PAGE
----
In this presentation Guy Kawasaki took a group of silicon valley CEO’s and gave them gold on lessons he learned from Steve Jobs.
This is a fantastic presentation on the mental attitude required to run a business, and provides some real valuable in lessons that we can all apply to our businesses.
Additional comments added to apply Guy’s comments on the problems faced by small businesses that don’t have dedicated marketing or business development resources.
Note: I’ll walk you through this tailored Lessons Learned Process Blueprint, and give you a copy of it at no charge. Just click here to grab your copy.
And particularly beware the self-declared “expert”.
Guy’s comment was, “….experts listened to Steve Jobs”. Apple’s history on product development demonstrates an extreme focus on developing revolutionary products, on taking a solution where other’s couldn’t see. I believe that Guy’s point is that nobody can learn your lessons.
You have a specific area of expertise that your business is focused around, and your success will likely come from focusing on your domain knowledge. No expert can help you with that vision, and your vision (for good or bad) must come from you.
(Pay close attention to Guy’s Lesson #9 below…and take advantage of specific discipline knowledge.)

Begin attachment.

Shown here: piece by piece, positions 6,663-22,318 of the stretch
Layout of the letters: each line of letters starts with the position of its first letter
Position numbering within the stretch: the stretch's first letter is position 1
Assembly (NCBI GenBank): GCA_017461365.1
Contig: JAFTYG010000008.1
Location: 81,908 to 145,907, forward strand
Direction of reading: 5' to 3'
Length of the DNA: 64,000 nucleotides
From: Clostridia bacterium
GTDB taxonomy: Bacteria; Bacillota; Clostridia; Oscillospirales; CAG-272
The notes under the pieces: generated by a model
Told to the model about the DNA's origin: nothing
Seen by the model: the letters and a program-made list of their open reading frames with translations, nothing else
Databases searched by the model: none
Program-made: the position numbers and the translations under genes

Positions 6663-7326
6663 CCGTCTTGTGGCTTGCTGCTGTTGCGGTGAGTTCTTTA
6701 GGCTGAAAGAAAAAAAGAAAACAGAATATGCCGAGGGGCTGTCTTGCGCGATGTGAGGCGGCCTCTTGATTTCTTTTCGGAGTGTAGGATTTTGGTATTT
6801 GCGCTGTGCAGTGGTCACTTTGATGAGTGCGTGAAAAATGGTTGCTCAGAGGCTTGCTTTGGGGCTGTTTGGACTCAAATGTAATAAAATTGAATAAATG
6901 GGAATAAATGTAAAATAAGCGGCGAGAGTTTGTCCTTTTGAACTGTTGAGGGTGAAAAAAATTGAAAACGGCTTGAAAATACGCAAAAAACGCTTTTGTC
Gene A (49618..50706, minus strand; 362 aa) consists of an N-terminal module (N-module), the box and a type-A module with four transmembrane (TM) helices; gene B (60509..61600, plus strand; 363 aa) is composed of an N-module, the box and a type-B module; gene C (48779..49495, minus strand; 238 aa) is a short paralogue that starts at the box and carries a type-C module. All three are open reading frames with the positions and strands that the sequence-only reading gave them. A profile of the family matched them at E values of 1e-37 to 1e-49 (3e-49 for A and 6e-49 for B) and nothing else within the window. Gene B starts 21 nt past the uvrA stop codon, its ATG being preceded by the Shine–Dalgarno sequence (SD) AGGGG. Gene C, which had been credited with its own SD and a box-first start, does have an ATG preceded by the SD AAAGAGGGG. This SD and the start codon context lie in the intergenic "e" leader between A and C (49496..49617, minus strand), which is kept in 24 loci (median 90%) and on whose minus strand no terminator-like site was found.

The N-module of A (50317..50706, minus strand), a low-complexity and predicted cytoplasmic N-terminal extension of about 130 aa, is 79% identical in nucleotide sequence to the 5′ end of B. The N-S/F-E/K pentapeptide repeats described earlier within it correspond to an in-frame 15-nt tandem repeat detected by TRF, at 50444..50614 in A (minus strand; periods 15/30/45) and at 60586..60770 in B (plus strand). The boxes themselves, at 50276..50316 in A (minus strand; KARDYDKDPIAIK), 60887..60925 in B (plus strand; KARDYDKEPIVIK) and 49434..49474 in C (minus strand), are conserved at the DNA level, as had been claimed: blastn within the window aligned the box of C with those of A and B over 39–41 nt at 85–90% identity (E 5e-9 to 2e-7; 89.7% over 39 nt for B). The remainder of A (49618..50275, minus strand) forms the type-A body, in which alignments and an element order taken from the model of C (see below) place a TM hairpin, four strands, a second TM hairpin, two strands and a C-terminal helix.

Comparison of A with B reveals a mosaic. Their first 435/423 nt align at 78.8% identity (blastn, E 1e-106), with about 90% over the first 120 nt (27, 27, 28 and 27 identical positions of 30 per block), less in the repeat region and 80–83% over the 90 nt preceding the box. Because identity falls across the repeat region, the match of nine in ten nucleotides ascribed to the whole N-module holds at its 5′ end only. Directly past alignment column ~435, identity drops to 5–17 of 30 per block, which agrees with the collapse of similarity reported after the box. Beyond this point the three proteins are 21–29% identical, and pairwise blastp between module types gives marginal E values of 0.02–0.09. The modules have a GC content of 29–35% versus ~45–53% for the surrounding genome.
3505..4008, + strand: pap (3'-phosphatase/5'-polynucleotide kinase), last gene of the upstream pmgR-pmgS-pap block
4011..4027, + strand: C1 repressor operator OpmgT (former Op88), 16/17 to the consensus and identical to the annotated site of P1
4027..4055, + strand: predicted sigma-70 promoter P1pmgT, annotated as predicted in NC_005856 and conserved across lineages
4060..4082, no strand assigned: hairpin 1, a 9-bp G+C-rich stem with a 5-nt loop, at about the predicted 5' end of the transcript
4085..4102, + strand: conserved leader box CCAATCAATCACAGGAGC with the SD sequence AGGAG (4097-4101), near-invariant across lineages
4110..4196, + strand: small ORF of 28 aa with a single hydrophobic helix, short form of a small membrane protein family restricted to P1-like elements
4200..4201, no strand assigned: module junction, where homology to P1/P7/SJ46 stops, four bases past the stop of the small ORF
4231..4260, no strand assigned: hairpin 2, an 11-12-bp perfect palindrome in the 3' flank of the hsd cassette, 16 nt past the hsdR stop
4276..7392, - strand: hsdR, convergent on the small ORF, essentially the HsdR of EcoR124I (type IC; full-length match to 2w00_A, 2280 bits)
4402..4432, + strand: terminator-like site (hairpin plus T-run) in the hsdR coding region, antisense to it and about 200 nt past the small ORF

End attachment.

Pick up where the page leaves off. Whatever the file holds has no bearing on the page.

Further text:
Focusing on your expertise allows other team member to excel at theirs, and thus benefits your business objectives.
They can help with evolution, but not revolution.
This point is excellent, and applies to virtually every business. Your customers are trying to solve a problem. It may be the problem your product or services were designed to solve, but in most cases there are slight differences. Customer want extra features, integration, add-on’s, and other similar evolutionary pieces.
Pay attention to what your customers are asking and providing feedback against, and work to understand the problem they are trying to solve.
Building from the base of the problem that they are trying to solve, and how they are trying to solve it provides context.
The skill comes from recognizing that opportunity for your business to bring value to your customers, and increase your products and service offerings; evolutionary or revolutionary.
Many organizations expect the minimum, and shouldn’t be surprised when that achieve that goal. How are you challenging yourself, and your staff? If you set the bar low it’s difficult to achieve greatness.
Remember the energy you had when working on a difficult task? How about on the weekly status report?
Not exactly the same level of engagement with your team or yourself.
Stretch! Give your staff the hardest problems that need to be solved, and equip them to succeed. You’ll benefit from the best work your team can provide!